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The Cyclopedia of New Zealand [Taranaki, Hawke's Bay & Wellington Provincial Districts]


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The Settlement Of Omata is on the New Plymouth-Opunake road, and the mail coach passes through it. The surrounding country is undulating, and is devoted to dairy farming. Omata is situated four miles to the south — west of New Plymouth, and almost due north of Mount Egmont. It forms part of the Paritutu survey district of the Taranaki land district, and is in the Omata riding of the county of Taranaki. The village has a post office, and churches of the Primitive Methodist and Anglican bodies are supplied by visiting clergymen and lav preachers from New Plymouth. Omata was one of the settlements, which, at the time of the Maori war, were devastated by the natives, and from which the settlers were driven to New Plymouth for shelter.

Rawlings, John, Farmer Omata. Mr. Rawlings was born in the year 1832, in London, England, where his father was an architect and builder. He was educated at East Islington Commercial School, and articled to the profession of an architect. However, close confinement was distasteful to him, and he ran away to sea in a South Sea whaler. In 1854 he came to New Zealand, as a steward of the ship “Lady Ebrington,” and left her to start farming in Nelson, where he also carried on business as a timber merchant. Sixteen years later he sold out, and went to Wanganui, where for six years he was proprietor of the St. John's Hotel, and afterwards engaged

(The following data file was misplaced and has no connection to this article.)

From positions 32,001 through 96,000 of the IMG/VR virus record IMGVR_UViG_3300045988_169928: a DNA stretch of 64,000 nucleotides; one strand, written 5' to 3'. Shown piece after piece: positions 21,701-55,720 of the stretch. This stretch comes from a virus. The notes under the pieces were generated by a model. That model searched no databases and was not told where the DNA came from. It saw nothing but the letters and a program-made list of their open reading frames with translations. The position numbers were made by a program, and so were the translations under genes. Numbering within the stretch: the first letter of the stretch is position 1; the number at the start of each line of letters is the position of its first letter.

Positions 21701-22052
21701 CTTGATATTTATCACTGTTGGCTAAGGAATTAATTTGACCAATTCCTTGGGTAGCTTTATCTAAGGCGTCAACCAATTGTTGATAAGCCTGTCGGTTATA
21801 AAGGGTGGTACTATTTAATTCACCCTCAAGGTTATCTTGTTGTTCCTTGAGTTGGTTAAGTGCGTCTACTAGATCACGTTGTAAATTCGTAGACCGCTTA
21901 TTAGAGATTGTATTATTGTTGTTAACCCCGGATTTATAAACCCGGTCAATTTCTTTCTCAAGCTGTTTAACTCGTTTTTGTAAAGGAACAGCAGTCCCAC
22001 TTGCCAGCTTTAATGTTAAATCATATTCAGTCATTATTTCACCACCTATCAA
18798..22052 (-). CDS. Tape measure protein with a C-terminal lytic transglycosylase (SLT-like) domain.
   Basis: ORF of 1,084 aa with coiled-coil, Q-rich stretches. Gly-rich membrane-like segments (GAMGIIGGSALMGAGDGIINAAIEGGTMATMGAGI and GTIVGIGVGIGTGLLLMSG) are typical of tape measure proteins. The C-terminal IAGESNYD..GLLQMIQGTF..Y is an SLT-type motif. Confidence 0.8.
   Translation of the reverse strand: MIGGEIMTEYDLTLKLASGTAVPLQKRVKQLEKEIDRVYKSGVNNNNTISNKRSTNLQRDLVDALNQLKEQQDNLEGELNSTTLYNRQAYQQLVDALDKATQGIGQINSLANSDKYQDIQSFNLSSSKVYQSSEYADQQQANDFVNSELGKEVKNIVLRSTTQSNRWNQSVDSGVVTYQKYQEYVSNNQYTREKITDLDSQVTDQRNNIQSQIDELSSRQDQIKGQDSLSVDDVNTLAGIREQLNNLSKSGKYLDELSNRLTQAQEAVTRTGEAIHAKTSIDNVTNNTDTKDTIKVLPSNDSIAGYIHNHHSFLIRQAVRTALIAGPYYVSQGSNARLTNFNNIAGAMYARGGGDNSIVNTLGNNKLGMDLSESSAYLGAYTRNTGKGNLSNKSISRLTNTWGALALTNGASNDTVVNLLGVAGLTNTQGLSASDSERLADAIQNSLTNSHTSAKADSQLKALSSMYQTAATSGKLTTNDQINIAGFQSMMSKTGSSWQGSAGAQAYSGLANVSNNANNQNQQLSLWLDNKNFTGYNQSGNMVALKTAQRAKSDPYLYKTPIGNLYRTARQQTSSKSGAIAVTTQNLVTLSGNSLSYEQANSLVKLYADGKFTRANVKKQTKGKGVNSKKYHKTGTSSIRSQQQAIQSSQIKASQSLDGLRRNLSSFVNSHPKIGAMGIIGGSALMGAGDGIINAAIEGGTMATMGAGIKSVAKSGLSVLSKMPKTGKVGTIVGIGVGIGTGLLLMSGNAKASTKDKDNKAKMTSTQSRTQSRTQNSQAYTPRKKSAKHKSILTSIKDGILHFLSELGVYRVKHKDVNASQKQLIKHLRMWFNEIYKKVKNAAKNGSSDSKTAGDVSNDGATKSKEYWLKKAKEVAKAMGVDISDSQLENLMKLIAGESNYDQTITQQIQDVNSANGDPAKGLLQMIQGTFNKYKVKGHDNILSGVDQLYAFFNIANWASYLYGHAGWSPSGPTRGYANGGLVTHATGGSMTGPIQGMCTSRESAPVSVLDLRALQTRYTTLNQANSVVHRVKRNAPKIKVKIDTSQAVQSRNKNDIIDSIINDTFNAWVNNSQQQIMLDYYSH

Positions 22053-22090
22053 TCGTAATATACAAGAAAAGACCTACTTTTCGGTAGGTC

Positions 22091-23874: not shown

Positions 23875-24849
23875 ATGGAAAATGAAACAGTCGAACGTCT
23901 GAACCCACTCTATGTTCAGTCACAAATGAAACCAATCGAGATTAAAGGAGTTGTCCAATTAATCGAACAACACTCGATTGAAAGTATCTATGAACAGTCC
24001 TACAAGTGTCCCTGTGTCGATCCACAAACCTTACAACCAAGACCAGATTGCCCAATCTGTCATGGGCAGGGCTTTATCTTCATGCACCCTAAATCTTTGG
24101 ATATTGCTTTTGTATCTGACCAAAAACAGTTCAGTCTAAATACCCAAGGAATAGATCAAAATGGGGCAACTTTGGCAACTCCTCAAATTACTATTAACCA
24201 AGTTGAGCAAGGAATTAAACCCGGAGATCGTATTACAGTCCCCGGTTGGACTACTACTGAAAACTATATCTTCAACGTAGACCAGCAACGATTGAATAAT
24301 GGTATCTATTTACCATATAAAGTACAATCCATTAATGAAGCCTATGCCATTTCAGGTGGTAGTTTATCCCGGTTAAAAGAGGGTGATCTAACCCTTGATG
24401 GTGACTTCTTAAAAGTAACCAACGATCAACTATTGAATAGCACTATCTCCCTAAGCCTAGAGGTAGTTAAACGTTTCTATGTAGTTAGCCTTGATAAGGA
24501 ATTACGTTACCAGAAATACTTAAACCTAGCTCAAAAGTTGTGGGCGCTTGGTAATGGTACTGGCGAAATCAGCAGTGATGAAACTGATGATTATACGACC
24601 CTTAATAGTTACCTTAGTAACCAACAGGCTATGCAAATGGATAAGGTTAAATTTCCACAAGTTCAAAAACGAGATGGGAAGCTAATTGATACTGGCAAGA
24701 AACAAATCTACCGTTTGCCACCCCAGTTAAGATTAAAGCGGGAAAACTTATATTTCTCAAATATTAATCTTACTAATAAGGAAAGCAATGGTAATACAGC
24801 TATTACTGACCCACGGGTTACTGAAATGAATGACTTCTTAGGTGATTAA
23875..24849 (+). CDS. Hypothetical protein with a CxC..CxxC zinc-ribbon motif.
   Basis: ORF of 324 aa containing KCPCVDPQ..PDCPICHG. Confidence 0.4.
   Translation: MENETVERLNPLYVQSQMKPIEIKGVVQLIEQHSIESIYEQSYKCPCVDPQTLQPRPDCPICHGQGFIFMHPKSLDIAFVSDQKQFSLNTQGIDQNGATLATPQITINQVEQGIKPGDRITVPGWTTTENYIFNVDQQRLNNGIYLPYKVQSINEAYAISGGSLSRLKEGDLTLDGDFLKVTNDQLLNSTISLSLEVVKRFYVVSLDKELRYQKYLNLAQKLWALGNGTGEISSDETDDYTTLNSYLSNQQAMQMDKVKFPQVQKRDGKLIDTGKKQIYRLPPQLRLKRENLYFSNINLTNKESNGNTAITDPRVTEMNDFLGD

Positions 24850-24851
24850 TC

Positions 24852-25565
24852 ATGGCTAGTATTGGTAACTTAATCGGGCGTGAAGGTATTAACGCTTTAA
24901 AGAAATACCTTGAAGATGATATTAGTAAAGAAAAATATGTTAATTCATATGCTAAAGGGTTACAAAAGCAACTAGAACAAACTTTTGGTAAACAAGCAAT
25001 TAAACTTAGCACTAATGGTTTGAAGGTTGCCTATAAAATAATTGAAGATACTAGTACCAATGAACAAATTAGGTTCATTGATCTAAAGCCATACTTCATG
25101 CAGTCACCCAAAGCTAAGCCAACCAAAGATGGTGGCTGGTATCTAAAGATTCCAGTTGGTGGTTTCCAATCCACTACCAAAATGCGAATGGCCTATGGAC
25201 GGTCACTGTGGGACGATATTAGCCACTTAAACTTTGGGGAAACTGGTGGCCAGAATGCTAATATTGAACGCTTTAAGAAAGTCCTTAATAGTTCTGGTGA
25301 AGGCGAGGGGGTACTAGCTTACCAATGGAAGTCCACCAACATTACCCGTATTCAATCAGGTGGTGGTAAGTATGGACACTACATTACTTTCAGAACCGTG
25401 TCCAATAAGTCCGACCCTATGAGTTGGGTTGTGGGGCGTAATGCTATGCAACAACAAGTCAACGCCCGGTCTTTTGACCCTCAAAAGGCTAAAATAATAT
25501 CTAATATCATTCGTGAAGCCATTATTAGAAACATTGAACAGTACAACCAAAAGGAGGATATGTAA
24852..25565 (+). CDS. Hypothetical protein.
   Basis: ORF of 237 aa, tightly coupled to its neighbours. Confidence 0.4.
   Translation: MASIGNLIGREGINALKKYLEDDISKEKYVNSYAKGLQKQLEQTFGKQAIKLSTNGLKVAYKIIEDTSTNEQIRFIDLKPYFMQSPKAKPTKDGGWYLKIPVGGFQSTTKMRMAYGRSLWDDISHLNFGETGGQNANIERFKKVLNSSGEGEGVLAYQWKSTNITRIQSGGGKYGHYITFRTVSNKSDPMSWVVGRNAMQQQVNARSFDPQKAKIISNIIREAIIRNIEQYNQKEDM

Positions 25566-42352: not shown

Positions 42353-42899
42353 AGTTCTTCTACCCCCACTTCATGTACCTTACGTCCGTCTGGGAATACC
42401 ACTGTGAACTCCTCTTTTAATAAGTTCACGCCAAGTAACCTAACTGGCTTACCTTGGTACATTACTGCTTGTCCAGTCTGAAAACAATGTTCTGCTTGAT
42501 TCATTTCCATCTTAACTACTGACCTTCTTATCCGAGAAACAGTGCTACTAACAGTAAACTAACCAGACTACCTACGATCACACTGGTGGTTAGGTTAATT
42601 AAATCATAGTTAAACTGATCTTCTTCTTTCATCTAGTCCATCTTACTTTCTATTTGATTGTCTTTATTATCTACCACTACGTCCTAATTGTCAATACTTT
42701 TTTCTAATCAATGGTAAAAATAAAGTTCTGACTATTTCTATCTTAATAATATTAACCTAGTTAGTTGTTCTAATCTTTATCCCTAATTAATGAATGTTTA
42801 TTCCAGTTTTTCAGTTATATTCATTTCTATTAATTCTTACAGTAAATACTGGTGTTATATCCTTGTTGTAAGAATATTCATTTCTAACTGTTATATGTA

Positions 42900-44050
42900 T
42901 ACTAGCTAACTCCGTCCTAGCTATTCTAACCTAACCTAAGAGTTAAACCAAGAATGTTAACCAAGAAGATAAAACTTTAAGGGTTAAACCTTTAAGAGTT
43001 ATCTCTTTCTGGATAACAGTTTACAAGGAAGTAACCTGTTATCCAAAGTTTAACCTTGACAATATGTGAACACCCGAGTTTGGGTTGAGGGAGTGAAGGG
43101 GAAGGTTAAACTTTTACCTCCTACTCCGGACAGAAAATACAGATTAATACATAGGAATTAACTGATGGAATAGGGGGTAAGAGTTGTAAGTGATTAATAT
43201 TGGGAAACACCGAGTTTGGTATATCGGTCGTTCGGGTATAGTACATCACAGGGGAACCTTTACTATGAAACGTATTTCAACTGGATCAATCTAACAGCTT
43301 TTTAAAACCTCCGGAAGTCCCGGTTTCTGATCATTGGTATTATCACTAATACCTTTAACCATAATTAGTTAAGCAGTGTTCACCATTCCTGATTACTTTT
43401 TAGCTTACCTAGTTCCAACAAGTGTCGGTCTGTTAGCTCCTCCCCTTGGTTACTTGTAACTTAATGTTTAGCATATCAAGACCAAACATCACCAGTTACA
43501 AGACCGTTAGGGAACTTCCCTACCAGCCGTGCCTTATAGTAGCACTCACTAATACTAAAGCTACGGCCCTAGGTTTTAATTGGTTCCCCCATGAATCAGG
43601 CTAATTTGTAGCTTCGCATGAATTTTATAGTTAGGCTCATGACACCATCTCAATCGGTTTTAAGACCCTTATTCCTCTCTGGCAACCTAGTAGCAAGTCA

The Late Mr. Lewis C. Noble.

The Late Mr. Lewis C. Noble.

in sheepfarming at Woodlands, Wanganui, for about ten years. He then removed to New Plymouth, and soon after began farming at Omata. In 1856, Mr. Rawlings married a daughter of Mr. Robert Boddington, of Nelson, and their only daughter was married to the late Mr. Lewis Cameron Noble, who was an officer in the Union Steamship Company, and who saved the life of the late Governor Sir William Jervois, at Onehunga. Mr. Noble was presented with a splendid binocular as a memento of the incident, and it is in Mrs Noble's possession at Omata. Mr. Noble lost his life when on a trip to Australia in a timber vessel, which foundered with all hands. Like her mother, Mrs Noble has an only daughter, and the three generations live at the homestead in Omata. Several years ago Mr. Rawlings took a trip to the Old Country, but after an absence of nearly forty years found everything so changed that he was glad to get back to New Zealand.